Twitter Buys Mobile Ad Exchange MoPub for About $300 Million

Deal to Boost Social Network's Mobile Revenue Ahead of IPO

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Twitter extended its busy summer of acquisitions by snapping up mobile ad exchange MoPub for roughly $300 million in stock as it shores up its ad business in anticipation for an IPO early next year.

MoPub is an ad exchange that allows advertisers to buy mobile ads in real-time. Twitter plans to graft that onto its existing ad business which will allow advertisers to both buy Promoted Tweets in real time as well as target Twitter users on other mobile apps.

The deal extends a busy run for Twitter, which bought social TV analytics startup Trendrr two weeks ago and Bluefin Labs for a reported $90 million in February.

San Francisco-based MoPub employs about 100 people and counts mobile app publishers as clients, as well as demand side platforms that automate the buying of mobile ad inventory. It had raised a total of $18.5 million in venture capital.

Twitter will maintain MoPub's existing business, which MoPub said had reached a $100 million monthly run-rate earlier this year. The final purchase price is contingent on the value ascribed to Twitter's non-public shares, according to a person familiar with the matter.

In the near term, the deal is intended to drive up the number of buyers in Twitter's own ad ecosystem by ushering in brands that want to buy ads in real-time. The company's VP-product for revenue Kevin Weil said that MoPub's technology will be used to let Twitter advertisers bid on available impressions of users who match a certain category based on their web activity (i.e., auto intenders).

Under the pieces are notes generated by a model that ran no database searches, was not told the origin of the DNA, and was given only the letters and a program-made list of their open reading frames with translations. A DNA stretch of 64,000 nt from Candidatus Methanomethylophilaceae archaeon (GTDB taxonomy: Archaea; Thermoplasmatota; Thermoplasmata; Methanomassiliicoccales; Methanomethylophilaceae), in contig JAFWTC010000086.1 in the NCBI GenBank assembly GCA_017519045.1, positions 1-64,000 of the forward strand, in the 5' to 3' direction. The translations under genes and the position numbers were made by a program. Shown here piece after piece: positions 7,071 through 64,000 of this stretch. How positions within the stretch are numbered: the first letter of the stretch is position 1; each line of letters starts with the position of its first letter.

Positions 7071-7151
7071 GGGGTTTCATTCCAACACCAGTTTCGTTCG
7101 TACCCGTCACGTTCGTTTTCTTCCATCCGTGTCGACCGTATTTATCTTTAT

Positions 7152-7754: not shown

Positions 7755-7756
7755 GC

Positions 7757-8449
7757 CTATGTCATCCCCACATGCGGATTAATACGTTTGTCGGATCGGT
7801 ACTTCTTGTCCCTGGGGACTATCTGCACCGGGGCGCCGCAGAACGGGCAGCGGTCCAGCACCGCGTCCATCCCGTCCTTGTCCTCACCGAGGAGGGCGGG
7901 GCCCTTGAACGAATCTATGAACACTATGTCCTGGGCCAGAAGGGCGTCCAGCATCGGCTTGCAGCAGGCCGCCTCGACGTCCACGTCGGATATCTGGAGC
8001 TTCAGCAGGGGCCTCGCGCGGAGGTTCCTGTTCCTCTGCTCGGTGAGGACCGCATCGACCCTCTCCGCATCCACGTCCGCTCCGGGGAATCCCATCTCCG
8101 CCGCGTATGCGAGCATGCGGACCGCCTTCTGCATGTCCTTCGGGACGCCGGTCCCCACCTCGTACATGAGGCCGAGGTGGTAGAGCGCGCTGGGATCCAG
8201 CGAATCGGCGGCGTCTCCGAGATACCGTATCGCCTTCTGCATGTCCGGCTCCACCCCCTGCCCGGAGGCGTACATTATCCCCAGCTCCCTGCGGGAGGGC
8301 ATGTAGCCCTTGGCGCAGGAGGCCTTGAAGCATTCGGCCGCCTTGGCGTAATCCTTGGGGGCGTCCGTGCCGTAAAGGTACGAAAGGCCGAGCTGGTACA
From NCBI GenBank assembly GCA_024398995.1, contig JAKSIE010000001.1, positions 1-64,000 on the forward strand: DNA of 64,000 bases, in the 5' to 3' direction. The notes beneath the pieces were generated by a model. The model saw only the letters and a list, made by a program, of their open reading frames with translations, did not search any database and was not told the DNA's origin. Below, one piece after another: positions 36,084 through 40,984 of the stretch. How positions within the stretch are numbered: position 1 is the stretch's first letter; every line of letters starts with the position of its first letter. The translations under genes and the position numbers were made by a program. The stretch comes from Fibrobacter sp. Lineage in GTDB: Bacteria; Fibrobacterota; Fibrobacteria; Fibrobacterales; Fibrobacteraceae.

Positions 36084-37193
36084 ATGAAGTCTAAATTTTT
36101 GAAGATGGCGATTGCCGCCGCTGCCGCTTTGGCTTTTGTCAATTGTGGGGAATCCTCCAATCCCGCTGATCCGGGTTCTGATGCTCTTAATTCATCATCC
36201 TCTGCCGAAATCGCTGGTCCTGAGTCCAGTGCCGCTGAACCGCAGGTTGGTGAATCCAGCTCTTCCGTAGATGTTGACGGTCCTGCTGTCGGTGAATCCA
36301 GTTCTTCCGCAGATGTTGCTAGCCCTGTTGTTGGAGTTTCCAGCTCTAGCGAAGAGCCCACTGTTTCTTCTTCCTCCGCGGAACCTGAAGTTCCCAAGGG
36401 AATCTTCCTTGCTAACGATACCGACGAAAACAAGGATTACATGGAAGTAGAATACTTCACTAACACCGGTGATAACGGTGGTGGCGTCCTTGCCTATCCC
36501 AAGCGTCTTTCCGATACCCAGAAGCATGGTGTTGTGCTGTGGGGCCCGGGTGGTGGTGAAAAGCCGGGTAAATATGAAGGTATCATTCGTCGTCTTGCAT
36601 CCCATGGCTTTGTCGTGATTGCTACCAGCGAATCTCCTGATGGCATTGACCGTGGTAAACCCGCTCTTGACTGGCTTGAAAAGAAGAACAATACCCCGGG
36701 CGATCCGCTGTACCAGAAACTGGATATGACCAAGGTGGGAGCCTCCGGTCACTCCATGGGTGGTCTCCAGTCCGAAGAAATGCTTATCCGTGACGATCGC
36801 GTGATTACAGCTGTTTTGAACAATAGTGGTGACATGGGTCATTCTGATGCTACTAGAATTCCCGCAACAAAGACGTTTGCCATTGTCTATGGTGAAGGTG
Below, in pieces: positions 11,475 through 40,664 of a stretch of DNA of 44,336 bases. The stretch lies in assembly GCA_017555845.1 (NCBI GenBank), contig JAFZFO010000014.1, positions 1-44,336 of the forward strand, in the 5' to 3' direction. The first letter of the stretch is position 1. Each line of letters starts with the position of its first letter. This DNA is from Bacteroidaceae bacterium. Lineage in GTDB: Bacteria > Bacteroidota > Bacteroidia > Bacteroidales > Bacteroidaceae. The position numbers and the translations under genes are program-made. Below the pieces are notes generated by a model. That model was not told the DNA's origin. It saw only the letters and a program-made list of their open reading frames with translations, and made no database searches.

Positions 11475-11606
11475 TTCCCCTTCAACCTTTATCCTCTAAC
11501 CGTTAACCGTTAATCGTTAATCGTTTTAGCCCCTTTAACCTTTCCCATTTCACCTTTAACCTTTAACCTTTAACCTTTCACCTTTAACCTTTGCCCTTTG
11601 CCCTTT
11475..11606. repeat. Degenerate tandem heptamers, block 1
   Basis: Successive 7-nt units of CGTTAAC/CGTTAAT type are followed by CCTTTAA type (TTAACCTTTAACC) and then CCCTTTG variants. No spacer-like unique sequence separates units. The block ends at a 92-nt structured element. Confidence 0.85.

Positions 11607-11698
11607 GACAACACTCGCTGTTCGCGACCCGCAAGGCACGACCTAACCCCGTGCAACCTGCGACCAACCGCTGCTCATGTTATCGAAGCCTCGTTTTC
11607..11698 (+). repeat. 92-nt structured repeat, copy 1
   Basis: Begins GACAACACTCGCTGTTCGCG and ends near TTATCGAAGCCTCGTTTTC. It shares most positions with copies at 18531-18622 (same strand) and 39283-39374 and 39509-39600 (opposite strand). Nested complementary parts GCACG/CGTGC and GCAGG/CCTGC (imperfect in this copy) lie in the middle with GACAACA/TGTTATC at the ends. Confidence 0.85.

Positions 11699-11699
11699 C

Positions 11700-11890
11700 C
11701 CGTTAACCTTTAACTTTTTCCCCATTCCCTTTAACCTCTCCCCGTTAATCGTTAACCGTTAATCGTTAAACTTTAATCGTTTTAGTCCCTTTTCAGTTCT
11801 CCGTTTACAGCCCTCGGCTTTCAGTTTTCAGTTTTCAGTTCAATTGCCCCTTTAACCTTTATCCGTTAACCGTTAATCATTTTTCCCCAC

Twitter will eventually open up the bidding on segments of its ad inventory to MoPub's programmatic buyer customers, which will enlarge the number of participants in Twitter's ad auction and presumably drive up prices. He said that he expects the deal to close next quarter.

However, in the longer-term, there's a more expansive play, which may involve showing mobile ads to Twitter users in other environments. Mr. Weil said he ultimately expected the deal to result in more types of native ad placements across the mobile ecosystem, and not necessarily promoted tweets populating third-party apps, though he didn't go into detail.

"We believe that there are opportunities to improve the state of mobile advertising in general," he said. "One of the areas that stands to improve is the state of creative in mobile."

Guarding User Experience

As Twitter has grown as a business, one of the big questions about the sustainability of its ad model is whether it will simply show more ads to users as it acquires more advertisers. Purchasing MoPub potentially gives it a way to satisfy demand while ensuring that users aren't over-exposed to ads.

Assuming future high demand on Twitter, the company could hypothetically accept bids on the mobile exchange and opt to accept the highest-priced ones it receives to run as promoted tweets, while letting the lower-priced remnant be published within MoPub's marketplace of third-party apps. The end result for Twitter could be a greater share of mobile ad dollars funneling through its system.

Mr. Weil said that Twitter doesn't intend to show more ads to users in order to satiate increased advertiser demand.

"There are no plans to change any of our quality thresholds," he said.

Acquiring a mobile ad exchange is a way for Twitter to crank its mobile ad revenue as it marches toward an anticipated initial public offering in early 2014. EMarketer projects Twitter will bring in $308.9 million in mobile ad revenue this year and $551 million in 2014.

Contributing: John McDermott.

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